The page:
I remember pushing my head and upper body as far out of the train window as I could. My grandfather would tell me to not look in the direction of the engine. If you looked that way, sooner or later a rock-hard piece of coal dust would come to lodge itself in the softness of your eye. I didn’t pull my head back even when we reached a tunnel with its scary jagged sides mere feet away from the window, and the hot coal-scented gloom would enter my nose, and my eyes, no matter how wide I opened them could take in nothing but the black velvet darkness. When the inevitable cinder found its random lodgement, my grandfather would remove it by pushing my lower lid under the upper one, and allowing my lashes to remove the grit.
My grandfather brought along sandwiches wrapped in newspaper. Because we always took the early train he made them early in the morning, before the sun came up, as soon as the bread man made his delivery. From my couch next to the dining room I could hear my grandfather’s wooden slippers as he made his way up and down the stairs into the kitchen, to bring up the beef curry left over from the last night’s dinner. Thick red spicy sauce clung to the bits of beef and stuck to the butter between the slices of bread with their curved black crusts. I remember the scent rising out of the grease dotted newspaper, and the fragrance of those sandwiches.
This grandfather, who had been an engineer of the Ceylon Government Railway, spent many years driving this very train, an old steam engine called ‘The High-Country Princess.’ He knew all the stations by heart, and the places where the train narrowly skirted a deep precipice. He would point out all the important landmarks to me: Places remembered for being the lookout posts for robbers and bandits and partisans who tried desperately and by ambush to forestall the British conquest of the Kandyan Kingdom, the last to fall, (in 1815) by rolling rocks down the steep hillsides. These places had Sinhalese names which meant ‘Getting out Swords’ and ‘North-forest-hill,’ the hide-out where Saradiel, the Robin Hood of Ceylon, had his cave. There was Bible Rock, Sensation Rock, Lion’s Mouth, Dawson’s Tower, and the many others I can still vividly remember. We would drink the sweet milky tea, brought around by a waiter in the heavy restaurant cups stamped with a crest and letters of the Ceylon Government Railway, and eat fried snacks from the vendors who hawked them at the train stations. I could forget for a little while that I was going back to boarding school, for another agonizing three months of wrenching loneliness and sadness, far away from anyone I loved or who loved me, not that there were too many of those.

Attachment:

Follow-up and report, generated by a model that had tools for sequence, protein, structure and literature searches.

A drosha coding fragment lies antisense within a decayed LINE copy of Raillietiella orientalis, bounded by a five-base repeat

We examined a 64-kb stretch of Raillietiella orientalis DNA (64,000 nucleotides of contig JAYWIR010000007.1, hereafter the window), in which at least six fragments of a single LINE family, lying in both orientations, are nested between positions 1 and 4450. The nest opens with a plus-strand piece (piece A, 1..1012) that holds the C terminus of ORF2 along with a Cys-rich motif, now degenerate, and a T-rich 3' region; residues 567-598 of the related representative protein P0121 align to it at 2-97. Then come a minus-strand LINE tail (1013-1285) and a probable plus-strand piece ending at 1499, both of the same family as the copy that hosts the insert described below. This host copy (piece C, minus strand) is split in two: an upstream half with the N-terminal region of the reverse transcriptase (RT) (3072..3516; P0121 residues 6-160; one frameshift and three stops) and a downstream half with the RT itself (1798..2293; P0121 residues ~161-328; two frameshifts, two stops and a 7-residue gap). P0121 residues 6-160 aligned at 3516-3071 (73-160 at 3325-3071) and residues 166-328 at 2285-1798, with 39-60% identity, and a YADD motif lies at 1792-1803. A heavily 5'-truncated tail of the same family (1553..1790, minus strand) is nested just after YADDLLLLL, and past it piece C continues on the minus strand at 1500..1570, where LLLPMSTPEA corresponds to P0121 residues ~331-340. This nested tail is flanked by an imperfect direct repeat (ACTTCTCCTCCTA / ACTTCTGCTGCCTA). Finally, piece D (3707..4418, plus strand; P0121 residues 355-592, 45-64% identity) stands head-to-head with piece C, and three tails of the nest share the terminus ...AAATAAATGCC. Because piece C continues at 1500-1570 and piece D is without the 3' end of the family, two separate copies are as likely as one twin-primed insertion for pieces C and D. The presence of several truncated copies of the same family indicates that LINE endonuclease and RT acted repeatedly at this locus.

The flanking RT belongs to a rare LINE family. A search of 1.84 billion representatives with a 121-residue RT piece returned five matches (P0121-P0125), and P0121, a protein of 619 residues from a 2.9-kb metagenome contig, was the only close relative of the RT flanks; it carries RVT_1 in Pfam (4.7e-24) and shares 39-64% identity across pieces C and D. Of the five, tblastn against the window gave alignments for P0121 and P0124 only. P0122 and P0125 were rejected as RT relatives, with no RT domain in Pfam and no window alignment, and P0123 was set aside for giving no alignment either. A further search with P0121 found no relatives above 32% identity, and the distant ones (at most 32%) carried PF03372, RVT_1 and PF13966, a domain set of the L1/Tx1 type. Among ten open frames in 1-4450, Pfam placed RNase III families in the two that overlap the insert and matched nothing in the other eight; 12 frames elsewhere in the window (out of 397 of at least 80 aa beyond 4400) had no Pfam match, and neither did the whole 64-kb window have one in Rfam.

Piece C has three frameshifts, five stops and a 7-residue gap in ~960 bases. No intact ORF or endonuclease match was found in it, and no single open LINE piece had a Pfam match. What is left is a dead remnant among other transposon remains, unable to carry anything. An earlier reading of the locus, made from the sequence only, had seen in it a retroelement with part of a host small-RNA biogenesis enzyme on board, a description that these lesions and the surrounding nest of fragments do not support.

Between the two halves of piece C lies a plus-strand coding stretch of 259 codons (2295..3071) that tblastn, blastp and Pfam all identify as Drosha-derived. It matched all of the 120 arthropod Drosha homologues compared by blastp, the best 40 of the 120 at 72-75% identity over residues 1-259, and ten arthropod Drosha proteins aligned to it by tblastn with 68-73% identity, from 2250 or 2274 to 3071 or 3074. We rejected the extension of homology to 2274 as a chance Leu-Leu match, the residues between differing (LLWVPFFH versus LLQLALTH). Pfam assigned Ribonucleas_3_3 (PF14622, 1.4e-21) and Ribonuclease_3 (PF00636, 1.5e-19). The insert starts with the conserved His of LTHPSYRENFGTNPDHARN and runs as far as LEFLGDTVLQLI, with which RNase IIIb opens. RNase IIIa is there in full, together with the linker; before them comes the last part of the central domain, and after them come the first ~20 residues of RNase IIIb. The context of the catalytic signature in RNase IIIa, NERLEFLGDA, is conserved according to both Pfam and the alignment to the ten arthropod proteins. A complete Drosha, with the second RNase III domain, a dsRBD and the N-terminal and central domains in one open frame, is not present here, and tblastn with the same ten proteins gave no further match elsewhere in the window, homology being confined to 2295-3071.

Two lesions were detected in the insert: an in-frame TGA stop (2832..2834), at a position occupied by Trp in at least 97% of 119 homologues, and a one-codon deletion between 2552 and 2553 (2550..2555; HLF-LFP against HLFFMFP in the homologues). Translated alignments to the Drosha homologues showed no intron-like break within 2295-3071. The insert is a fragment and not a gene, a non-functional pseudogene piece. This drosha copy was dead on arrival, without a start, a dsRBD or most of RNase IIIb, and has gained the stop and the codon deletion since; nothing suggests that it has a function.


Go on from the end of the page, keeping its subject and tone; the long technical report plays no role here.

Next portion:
But now my school days were over. My widowed grandmother from the other side of the family, whom I called Nanna, lived in Colombo, and now I was living with her. Nanna’s house was at the end of a lane full of deep ruts, which would get deeper and more treacherous with each monsoon season. I had been staying here since I finished school. Nanna was very respectable, and proud of her cabinet of wine glasses and knick-knacks and fading studio photographs of long-dead, formally-dressed family members. Everything in the old house was neat and tidy, and nothing gathered dust as it did in my grandfather’s Kandy home, where no book was ever thrown out, and snake-skins and antlers hung on the walls together with old photographs of hunting dogs and prints like ‘The Gleaners,’ and one in particular, which caused me great anguish called ‘The Last of the Garrison.’ This was an engraving of an old hound lying dead over the threshold of a shelled-out doorway, with a broken musket by his head.
But it wasn’t too bad here. There were diversions – a piano in the living room which had only a couple of dumb notes – and a young girl who lived in the neighbouring house around the back of ours, who filled the late afternoons with the wild romantic music of her piano. During the worst heat which came just before the evening, I would sit on the steps of the algae-covered servants’ bathroom behind the garage and listen to her playing, and my mind would float as far away as the desperate notes could take me.